What is anxiety?
Everyone has feelings of anxiety at some point in their life. Anxiety is a feeling of unease, such as worry or fear, that can be mild or severe. For example, you may feel worried and anxious about sitting an exam, having a medical test or going for a job interview. Feeling anxious in response to such situations is not unusual. However, if you find it hard to control your worries, if your feelings of anxiety are almost always with you and affect your daily life then you might have an anxiety disorder.
In this short film, produced by the NHS, a psychiatrist discusses the symptoms of anxiety, why it becomes a problem for some people, and the psychological and drug treatments for it.
Anxiety itself can be the main symptom of several other conditions, including phobias, post-traumatic stress disorder and obsessive-compulsive disorder. Information about these conditions can be found in other parts of the Can we help section. The information in this section focuses on a specific condition called generalised anxiety disorder (GAD).
If you feel many or all of the following you might have GAD:-
- Anxiety almost every day, without a specific event triggering it
- That you struggle to remember the last time you felt properly relaxed
- Worries constantly running through your head, repeating and repeating seemingly endlessly
- Feelings of restless and/or tension most of the time but can’t work out why
- Trouble concentrating
- General feeling of unease or even dread
- Difficulty sleeping through the night
Who can help?
GAD can be exhausting and potentially incapacitating, stopping you doing a lot of the things you would otherwise do, stopping you having a fulfilling life. Like other mental health issues, often people can’t bring themselves to talk about. Many people have no idea where or who to turn to and that’s when the Tuke Centre can help.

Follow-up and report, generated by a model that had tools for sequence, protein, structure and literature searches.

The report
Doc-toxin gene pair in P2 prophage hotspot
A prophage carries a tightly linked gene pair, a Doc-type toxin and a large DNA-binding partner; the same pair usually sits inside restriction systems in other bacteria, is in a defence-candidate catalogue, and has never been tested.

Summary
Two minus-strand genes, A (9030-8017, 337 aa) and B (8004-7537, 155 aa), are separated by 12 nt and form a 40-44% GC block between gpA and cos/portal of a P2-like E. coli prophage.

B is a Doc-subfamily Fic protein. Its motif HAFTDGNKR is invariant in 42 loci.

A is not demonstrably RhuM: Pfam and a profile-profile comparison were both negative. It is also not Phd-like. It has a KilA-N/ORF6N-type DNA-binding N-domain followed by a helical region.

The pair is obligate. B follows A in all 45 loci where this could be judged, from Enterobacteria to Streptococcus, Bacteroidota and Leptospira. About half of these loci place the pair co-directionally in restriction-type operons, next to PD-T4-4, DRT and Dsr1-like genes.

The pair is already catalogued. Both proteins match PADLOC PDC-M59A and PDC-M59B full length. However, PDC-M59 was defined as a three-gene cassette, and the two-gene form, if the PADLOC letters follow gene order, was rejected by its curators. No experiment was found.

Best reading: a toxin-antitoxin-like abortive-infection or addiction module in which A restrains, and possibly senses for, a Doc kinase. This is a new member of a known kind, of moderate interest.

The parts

We offer a range of approaches to help you to reduce your anxiety. Our Therapies section takes you through all of the different therapies we can offer that might work for you. To help you decide which approach would suit you best we offer an in-depth assessment. The section Information for individuals on this website explains the process.
If you feel too anxious to come to the Tuke Centre for your appointments we do offer alternatives, including video therapy via VSEE. For more information about this have a look at our Therapies section.
There are other sources of help you could access and a range of links to local and national organisations are provided to the right of this page. In addition, if you think you have GAD then you might consider approaching your GP in the first instance.If your GP feels that you would benefit from a psychiatry assessment then they can send a referral letter to us and we can book you an appointment with one of our psychiatrists, Dr Thomas Elanjithara or Dr Gill Smith.
There is also a range of things you can do yourself to help reduce your anxiety. The links to the right of this page point you towards some ideas about self help strategies and courses you might be able to access.
If you get some help then you are likely to find ways to control your anxiety, but you might have to be patient. If you have had GAD for a long time you might need to get help over a long period – we can help with this.
There are a range of resources available to help you with your anxiety. The resources here are not exhaustive and you might find many more useful resources by searching on the internet. However, the links provided here point you towards a range of resources that you might find helpful.